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COMMUNICATION STRATEGIES WITHIN UNITED NATIONS - The case of the Office of the Special Representative of the Secretary-General for Children and Armed Conflict on child soldiers
Language: English This thesis is written in English
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Pietro Licini, Università degli Studi di Bergamo, 2016-17
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Academic area
Social and Political Sciences
The idea behind this work generated during my four-months Public Information Internship at the United Nations (UN) Office of the Special Representative of the Secretary-General for Children and Armed Conflict (OSRSG CAAC), located in the UN Headquarters in New York City.

The Office of the SRSG CAAC serves to protect the rights of children affected by war, with a special focus on the release and reintegration of child soldiers. The mission of its mandate is put in practice with the support of the United Nations Children’s Fund (UNICEF), which has a pivotal role particularly in relation to field missions.

At the outset, it must be said that the present work does not intend to focus on the political aspects of the issue of child soldiers, nor on the conduct of United Nations in this regard. Rather, after a necessary introduction to key concepts, it aims at providing a communication-based analysis of the UN’s work, taking the OSRSG CAAC as a specific case study.

This thesis argues that, despite its being a nonprofit organization, United Nations efforts to bring about an end to child recruitment can be analyzed not only through a communication perspective, but also with an actual marketing-oriented approach. Even though nonprofit organizations such as the UN do not seek to increment their profit, they do have a mission and specific goals – whether it is preventing sexual violence, fighting diseases, further development, or “maintaining international peace and security”.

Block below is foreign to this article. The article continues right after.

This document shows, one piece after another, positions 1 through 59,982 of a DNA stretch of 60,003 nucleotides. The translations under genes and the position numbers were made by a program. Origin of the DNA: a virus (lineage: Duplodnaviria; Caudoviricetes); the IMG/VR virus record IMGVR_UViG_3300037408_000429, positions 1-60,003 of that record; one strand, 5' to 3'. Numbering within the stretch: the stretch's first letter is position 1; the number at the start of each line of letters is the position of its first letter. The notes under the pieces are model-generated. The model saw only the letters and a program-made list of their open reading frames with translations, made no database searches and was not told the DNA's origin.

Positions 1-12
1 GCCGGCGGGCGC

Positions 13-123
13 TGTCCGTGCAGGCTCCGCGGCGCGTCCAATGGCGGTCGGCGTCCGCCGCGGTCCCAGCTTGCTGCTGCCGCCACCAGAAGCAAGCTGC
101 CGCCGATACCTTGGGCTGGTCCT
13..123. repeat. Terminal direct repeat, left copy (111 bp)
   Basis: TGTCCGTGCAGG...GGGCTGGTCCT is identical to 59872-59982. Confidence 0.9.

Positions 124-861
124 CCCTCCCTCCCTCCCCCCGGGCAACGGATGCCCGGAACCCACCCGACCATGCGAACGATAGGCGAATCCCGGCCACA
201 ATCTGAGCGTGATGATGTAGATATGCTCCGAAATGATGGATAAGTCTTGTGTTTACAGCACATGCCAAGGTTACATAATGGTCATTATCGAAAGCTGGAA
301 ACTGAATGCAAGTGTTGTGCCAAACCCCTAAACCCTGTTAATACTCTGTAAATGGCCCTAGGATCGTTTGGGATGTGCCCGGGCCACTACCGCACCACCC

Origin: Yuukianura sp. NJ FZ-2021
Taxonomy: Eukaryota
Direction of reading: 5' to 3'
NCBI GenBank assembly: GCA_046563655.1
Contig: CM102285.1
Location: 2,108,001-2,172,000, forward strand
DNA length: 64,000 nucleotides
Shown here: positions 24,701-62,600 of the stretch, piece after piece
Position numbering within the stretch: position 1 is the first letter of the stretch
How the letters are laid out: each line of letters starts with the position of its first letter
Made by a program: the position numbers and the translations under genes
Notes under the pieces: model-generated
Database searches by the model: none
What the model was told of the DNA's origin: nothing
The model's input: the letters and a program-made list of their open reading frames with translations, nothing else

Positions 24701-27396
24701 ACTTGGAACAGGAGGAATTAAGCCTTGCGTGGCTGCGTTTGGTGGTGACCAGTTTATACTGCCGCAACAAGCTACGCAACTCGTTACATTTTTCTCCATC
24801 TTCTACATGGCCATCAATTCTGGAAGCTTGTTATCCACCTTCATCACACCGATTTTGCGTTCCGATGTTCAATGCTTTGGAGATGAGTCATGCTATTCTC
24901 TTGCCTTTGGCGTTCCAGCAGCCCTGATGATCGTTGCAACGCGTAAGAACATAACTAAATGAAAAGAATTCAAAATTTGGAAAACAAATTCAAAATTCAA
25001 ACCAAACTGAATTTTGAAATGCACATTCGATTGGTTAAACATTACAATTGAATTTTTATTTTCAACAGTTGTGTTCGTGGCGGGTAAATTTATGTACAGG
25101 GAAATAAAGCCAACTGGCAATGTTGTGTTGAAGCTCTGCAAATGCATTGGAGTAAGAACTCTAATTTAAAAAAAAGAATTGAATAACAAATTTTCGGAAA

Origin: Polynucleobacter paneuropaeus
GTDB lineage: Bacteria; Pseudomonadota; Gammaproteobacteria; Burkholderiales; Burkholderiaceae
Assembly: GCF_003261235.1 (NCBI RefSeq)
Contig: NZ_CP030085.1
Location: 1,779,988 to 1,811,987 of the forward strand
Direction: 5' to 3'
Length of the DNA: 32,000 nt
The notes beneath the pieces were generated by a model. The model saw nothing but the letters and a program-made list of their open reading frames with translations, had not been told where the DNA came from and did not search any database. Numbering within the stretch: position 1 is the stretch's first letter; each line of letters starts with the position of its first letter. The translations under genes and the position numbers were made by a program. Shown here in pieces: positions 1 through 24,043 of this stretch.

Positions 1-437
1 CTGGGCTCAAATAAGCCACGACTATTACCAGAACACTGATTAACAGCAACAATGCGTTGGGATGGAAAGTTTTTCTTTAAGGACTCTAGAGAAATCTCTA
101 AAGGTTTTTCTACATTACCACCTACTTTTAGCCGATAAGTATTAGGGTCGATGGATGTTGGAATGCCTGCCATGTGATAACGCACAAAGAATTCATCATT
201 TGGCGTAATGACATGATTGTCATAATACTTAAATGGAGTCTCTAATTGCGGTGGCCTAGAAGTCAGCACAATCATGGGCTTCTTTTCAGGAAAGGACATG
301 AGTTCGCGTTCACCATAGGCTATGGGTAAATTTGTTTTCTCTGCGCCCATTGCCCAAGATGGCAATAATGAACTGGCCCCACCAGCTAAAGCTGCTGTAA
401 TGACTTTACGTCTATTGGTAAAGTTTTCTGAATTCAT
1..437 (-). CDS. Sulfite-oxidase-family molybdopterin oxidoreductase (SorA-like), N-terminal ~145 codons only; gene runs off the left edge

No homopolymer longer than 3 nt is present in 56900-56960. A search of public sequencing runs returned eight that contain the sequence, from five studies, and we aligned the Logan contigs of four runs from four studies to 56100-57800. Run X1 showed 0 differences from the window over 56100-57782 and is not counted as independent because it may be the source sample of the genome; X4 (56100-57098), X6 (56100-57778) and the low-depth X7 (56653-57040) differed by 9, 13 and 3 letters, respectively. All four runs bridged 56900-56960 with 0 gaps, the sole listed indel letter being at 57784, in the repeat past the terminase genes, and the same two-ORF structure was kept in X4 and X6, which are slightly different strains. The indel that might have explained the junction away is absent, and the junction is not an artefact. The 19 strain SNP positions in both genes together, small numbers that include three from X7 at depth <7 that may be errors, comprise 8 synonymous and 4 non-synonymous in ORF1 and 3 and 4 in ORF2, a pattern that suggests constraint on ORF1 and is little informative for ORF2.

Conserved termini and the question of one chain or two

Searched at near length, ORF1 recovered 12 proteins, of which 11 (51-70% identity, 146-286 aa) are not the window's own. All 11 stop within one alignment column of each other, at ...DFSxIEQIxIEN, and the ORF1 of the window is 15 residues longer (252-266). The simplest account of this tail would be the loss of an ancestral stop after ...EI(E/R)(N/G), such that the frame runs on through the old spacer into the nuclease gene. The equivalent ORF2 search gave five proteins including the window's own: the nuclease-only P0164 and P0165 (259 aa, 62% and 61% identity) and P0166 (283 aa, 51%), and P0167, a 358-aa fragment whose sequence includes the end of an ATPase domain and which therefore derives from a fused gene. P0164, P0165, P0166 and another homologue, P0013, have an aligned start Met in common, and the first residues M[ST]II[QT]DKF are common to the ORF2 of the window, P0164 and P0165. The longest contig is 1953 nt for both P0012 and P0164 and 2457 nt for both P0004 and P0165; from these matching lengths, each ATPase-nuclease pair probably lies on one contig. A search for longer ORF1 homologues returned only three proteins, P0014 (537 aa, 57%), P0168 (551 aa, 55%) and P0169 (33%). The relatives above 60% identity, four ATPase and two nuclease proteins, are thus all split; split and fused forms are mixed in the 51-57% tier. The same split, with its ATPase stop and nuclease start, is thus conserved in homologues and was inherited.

1 Any of these goals are ultimately achieved by influencing relevant people (or stakeholders, in marketing jargon). Thus, both profit and nonprofit organizations “are in the behavioral influence business, and that is precisely what marketing is all about”.

2 In fact, the marketing discipline in none other than psychology and communications principles, applied to economy and used by its actors – typically profit organizations. But the fact that normally these principles are used to sell cookies or to persuade that an eau de toilette has aphrodisiac power it is just a contingency, not a necessary condition. Marketing strategies can be used – and should be used, I argue – also by any organization that aims at influencing defined targets in order to achieve specific goals. And, in this respect, United Nations makes no exception in its attempt to stop the plague of child soldiers.

The thesis is structured in six chapters. The first one will introduce the reader to the issue of child soldiering, ranging between the official definitions supported by the UN and NGOs, and alternative perspectives provided by different scholars. The second and the third chapters will respectively provide an historical and a legal overview of the role of children in war, exploring past, present, and future trajectories. The fourth chapter will examine the evolution of the political communication landscape to the present days, preparing the ground for the fifth chapter, which will investigate the work of the UN in terms of communication. The sixth and last chapter is a communication-based case study of the work of the UN OSRSG CAAC in relation to its two-decade long fight against child recruitment and use.